The Harper government says it holds Canada’s veterans in the highest regard. Its actions, however, indicate otherwise: a complete disregard for the welfare of Canada’s veterans.
Last week provided yet another example of the government’s “we really don’t care about veterans” attitude.
• First, Veterans Affairs Minister Julian Fantino failed to show up on time for a scheduled meeting with veterans who had travelled from across Canada to meet him in Ottawa.
• When he did finally appear, he treated the vets and their concerns with disrespect.
The veterans were in Ottawa to protest the closure of nine veterans’ service centres across Canada – one of them in Saskatoon. The centres were shut down despite the pleas of veterans and their families.
This was the latest in a long series of actions the Harper government has taken against the interests of Canada’s veterans, starting almost from the moment it first took office.
In 2006, the Harper government replaced the Pension Act, used since the First World War, with the New Veterans Charter. Under the Charter, Canadian soldiers making an application for disability benefits are awarded a one-time, workers-compensation-style lump sum payout, rather than a lifetime pension.
Studies show the Charter is a financial disaster for many disabled soldiers. ●For those severely disabled, it can mean a 40% reduction from what they would have received under the Pension Act. ●It can also mean receiving 90% less than what other Canadian workers would receive for the same injuries.
REACTIONS TO THE CHARTER
Veterans Ombudsman: Charter Failing Veterans
In his June 2013 report, Canada’s veterans ombudsman, Guy Parent, found that the New Veterans Charter is failing many veterans and the Canadian government needs to take “urgent action.” According to the report:
● More than 400 of the most severely wounded and disabled veterans are at risk of spending their retirement years in poverty.
● 53% of veterans assessed as “totally and permanently incapacitated” have not been awarded impairment benefits.
● Benefits meant to help veterans transition from a military to civilian career are inadequate.
● Compensation for pain and suffering is lacking.
Afghanistan War Vets Take Charter To Court
● In 2012, wounded Afghanistan war vets filed a class-action law-suit in B.C. against the federal government over the lump-sum disability payment under the Veterans Charter, arguing that it is meagre in comparison with the lifetime disability pension and that it violates the Canadian Charter of Rights and Freedoms.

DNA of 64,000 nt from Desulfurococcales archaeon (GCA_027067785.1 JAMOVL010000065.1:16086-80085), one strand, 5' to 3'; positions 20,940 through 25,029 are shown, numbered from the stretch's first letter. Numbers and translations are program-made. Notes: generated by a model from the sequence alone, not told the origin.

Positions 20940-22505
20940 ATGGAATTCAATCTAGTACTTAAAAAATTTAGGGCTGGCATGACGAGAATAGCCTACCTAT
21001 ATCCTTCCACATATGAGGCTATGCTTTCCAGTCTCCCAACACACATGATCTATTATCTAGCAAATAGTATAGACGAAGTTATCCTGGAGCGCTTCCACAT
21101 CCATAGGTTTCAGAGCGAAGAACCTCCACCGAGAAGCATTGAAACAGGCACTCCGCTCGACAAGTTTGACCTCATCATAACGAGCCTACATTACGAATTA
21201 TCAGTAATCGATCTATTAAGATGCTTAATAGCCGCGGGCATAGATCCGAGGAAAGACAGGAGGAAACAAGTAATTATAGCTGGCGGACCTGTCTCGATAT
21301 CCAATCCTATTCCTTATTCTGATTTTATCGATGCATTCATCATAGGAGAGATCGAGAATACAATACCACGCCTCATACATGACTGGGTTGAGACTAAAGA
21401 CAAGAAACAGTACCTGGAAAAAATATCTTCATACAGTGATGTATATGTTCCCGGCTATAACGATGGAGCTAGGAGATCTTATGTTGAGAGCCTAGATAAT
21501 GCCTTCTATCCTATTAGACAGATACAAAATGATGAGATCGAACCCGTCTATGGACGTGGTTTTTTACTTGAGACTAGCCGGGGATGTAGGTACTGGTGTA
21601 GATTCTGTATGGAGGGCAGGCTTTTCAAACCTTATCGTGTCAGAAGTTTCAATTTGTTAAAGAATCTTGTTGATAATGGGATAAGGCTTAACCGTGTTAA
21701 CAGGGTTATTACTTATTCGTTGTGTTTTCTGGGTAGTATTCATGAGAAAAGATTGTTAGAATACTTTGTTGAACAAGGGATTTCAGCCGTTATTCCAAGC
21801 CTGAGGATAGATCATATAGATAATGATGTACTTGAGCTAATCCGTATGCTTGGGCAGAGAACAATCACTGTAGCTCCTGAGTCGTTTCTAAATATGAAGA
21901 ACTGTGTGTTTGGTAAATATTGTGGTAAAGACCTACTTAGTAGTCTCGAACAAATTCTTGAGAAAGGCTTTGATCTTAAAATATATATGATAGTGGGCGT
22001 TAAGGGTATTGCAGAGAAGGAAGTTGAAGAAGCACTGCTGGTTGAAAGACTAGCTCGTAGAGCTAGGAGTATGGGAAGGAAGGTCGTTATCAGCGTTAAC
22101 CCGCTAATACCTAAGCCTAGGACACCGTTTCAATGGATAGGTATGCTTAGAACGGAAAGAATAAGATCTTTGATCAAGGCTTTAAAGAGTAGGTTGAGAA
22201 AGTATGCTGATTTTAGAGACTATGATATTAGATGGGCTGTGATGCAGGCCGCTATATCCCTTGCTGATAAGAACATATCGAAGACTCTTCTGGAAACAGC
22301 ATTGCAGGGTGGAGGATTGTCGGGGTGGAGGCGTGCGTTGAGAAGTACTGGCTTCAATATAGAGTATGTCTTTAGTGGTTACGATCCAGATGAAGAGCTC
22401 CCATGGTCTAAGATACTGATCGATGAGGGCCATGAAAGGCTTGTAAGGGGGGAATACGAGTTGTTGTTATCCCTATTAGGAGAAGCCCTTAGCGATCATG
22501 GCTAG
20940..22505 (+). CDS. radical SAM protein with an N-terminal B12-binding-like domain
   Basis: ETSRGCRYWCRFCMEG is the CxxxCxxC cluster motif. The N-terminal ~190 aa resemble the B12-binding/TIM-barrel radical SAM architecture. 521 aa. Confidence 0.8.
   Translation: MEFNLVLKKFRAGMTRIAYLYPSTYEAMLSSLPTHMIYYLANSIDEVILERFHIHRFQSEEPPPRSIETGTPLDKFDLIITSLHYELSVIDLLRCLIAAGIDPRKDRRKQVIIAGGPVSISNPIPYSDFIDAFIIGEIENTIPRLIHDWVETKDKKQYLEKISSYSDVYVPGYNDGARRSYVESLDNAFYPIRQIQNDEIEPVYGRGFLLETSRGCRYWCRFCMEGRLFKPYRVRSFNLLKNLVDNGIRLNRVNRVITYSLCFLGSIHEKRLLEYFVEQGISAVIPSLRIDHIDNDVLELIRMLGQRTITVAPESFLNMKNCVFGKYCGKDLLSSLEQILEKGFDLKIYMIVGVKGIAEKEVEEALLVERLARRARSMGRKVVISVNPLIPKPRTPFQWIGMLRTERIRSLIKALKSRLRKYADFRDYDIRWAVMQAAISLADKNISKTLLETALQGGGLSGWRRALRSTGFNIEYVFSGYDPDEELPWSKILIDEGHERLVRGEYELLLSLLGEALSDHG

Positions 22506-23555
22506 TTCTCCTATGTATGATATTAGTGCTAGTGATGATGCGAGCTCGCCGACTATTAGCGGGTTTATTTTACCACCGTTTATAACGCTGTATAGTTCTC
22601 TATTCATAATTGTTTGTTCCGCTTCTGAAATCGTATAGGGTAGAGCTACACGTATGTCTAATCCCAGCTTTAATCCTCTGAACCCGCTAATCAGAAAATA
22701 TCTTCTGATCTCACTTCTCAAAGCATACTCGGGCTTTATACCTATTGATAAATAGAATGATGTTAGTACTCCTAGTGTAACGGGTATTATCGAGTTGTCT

● Federal lawyers argued for a dismissal of the veterans’ class-action lawsuit, saying Ottawa has no moral obligation to care for veterans.
● Last October, a B.C. Supreme Court ruling allowed the case to proceed.
● The Harper government says it will appeal the ruling – a stalling tactic that could delay the case for years.
VETERANS FURTHER DISHONOURED
Injured Soldiers Booted From Military
To qualify for an indexed pension, a Canadian soldier must serve in the military for 10 years.
To remain in service, a soldier must be fit to be deployed at a moment’s notice.
To balance the budget, the Harper government is not allowing wounded soldiers who are unable to meet the deployment rule to remain in service long enough to reach pension eligibility.
Since 2008, there have been 75 military suicides in Canada. As many as 10 have occurred in the last two months.
Even as thousands of Canadian forces members are struggling to cope with Post-Traumatic Stress Disorder and other mental and physical health issues after returning from Afghanistan, the Harper government continues to cut veterans’ services.
To win the 2015 election, the Harper government is trying to claim a balanced budget while shortchanging Canada’s veterans.
Tell Stephen Harper his government has committed to caring for all veterans, and that you want his government to meet this commitments. Remind Mr. Harper of the words he spoke at the last Conservative Party convention: “Let’s never forget that only this party takes to heart the debt owed to our brave men and women in uniform.” email@example.com or 613-992-4211.
Send the same message to the Minister of Veterans Affairs, Julian Fantino: firstname.lastname@example.org or 613-996-4971.
Call on the Harper government to treat Canadian veterans with respect: http://www.ceasefire.ca/?p=17570
Call on the Canadian government to provide lifelong support for wounded veterans. Google “change.org Canadian veterans.”
P U T A N E N D T O W A R
Another way to honour ill and injured veterans would be to avoid creating new generations of wounded and dead soldiers.